Iran: Islam and Political Participation
The political structure sanctioned under the authority of Islam has long been debated. In fact, it has been an issue of contention since the Shi'ite-Sunni split following the dispute over who should succeed Prophet Mohammad as the leader of the Muslim nation. As a result, religious sects that have developed over the past fourteen centuries have often attempted to establish some form of an Islamic government in an effort to turn back the clock to the days of political power & stability, economic prosperity, and scientific & artistic accomplishments during the Golden Age of the Islamic Empire. Today, this debate has evolved into one over whether or not democracy, as defined by the West, is workable under Islam. One major example where this debate has been significantly conducted is in the contemporary Islamic Republic of Iran that arose out of the 1979 Revolution. In light of the February 2004 electoral disqualifications of many parliamentary candidates in Iran, this research aims to determine whether or not political participation and democratic elections are feasible realities within Islam in general, and under the Islamic Republic of Iran in specific.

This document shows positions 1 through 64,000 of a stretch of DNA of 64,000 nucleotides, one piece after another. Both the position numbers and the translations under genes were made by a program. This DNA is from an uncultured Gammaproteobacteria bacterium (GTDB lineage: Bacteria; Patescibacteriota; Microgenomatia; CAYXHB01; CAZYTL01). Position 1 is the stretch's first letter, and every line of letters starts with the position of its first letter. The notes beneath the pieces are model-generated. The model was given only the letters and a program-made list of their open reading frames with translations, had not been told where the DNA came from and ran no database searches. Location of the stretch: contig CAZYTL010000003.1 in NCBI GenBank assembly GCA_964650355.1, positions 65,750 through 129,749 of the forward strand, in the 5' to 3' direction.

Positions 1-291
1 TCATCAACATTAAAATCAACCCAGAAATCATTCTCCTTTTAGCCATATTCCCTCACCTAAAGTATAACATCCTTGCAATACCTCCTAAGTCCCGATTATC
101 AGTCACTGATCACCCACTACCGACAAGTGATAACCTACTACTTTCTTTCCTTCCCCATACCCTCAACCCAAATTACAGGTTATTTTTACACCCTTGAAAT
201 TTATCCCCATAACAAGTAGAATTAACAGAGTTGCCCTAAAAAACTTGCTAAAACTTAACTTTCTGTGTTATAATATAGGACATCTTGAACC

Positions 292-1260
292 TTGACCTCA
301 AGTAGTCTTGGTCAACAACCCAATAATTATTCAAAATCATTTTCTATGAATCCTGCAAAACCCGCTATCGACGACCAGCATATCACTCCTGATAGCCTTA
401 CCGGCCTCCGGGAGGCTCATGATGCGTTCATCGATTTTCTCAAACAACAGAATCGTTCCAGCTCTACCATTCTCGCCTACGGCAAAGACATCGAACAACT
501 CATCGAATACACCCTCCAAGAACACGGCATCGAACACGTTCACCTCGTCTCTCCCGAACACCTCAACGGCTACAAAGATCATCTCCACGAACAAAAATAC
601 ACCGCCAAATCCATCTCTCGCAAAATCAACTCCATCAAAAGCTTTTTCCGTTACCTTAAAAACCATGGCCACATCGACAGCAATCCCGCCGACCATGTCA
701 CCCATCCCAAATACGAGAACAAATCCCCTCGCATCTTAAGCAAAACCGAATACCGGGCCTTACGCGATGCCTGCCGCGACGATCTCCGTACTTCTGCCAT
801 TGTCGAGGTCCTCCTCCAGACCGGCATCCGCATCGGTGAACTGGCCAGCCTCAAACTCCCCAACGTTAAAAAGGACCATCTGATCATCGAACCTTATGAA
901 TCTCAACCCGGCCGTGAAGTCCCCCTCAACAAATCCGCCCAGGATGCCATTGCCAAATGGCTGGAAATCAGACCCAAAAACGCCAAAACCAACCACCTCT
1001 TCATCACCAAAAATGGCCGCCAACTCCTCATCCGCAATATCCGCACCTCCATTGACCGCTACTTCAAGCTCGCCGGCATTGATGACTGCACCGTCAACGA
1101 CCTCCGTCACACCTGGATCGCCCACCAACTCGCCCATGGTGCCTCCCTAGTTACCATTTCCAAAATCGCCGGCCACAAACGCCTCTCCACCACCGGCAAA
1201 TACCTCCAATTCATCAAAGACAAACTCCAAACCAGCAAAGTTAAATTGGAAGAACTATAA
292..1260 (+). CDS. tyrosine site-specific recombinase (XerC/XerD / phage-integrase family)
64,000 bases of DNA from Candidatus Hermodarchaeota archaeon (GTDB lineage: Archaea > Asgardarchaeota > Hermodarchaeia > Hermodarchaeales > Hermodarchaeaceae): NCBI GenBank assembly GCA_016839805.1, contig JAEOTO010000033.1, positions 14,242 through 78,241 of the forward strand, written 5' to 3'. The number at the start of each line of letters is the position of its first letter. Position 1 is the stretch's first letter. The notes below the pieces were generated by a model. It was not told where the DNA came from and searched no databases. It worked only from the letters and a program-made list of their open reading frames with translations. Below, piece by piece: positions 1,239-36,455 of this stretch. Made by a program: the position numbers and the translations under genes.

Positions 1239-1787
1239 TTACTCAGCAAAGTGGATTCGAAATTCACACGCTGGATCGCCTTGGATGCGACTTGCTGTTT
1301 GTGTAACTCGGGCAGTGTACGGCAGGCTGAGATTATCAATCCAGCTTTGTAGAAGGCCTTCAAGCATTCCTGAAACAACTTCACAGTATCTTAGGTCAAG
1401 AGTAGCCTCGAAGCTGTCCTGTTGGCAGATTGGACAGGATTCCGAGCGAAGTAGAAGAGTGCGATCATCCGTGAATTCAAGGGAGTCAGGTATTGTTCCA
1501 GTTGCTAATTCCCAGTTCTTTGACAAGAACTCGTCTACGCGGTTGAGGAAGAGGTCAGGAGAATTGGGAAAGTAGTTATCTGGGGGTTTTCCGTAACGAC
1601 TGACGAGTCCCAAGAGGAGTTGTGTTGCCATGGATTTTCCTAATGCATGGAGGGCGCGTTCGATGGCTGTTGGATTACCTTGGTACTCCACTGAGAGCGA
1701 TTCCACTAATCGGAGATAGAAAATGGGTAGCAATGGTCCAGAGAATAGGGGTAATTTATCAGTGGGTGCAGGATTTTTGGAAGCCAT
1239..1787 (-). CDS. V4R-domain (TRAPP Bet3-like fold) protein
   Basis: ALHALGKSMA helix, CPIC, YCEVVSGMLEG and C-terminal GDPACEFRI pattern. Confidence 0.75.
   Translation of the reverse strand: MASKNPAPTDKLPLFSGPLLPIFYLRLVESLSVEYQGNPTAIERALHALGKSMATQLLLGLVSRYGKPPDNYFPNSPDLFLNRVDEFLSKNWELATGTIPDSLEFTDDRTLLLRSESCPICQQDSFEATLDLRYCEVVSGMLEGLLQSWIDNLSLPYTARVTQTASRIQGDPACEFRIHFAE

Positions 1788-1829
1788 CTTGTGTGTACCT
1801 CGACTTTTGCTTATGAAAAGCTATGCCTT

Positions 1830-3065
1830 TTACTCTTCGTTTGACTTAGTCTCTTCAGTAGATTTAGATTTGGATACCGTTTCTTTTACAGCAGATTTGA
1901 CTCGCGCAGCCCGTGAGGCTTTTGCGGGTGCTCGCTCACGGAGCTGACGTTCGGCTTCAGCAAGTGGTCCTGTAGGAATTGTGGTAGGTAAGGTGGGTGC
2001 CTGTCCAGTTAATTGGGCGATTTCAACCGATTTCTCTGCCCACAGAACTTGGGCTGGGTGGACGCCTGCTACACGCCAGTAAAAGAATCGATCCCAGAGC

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Sadri, Houman A.
Bachelor of Arts (B.A.)
College of Arts and Sciences
Arts and Sciences -- Dissertations, Academic; Dissertations, Academic -- Arts and Sciences; Iran -- Politics and government; Islamic countries -- Politics and government
Length of Campus-only Access
Honors in the Major Thesis
Cusano, Christopher, "Iran: Islam and Political Participation" (2004). HIM 1990-2015. 412.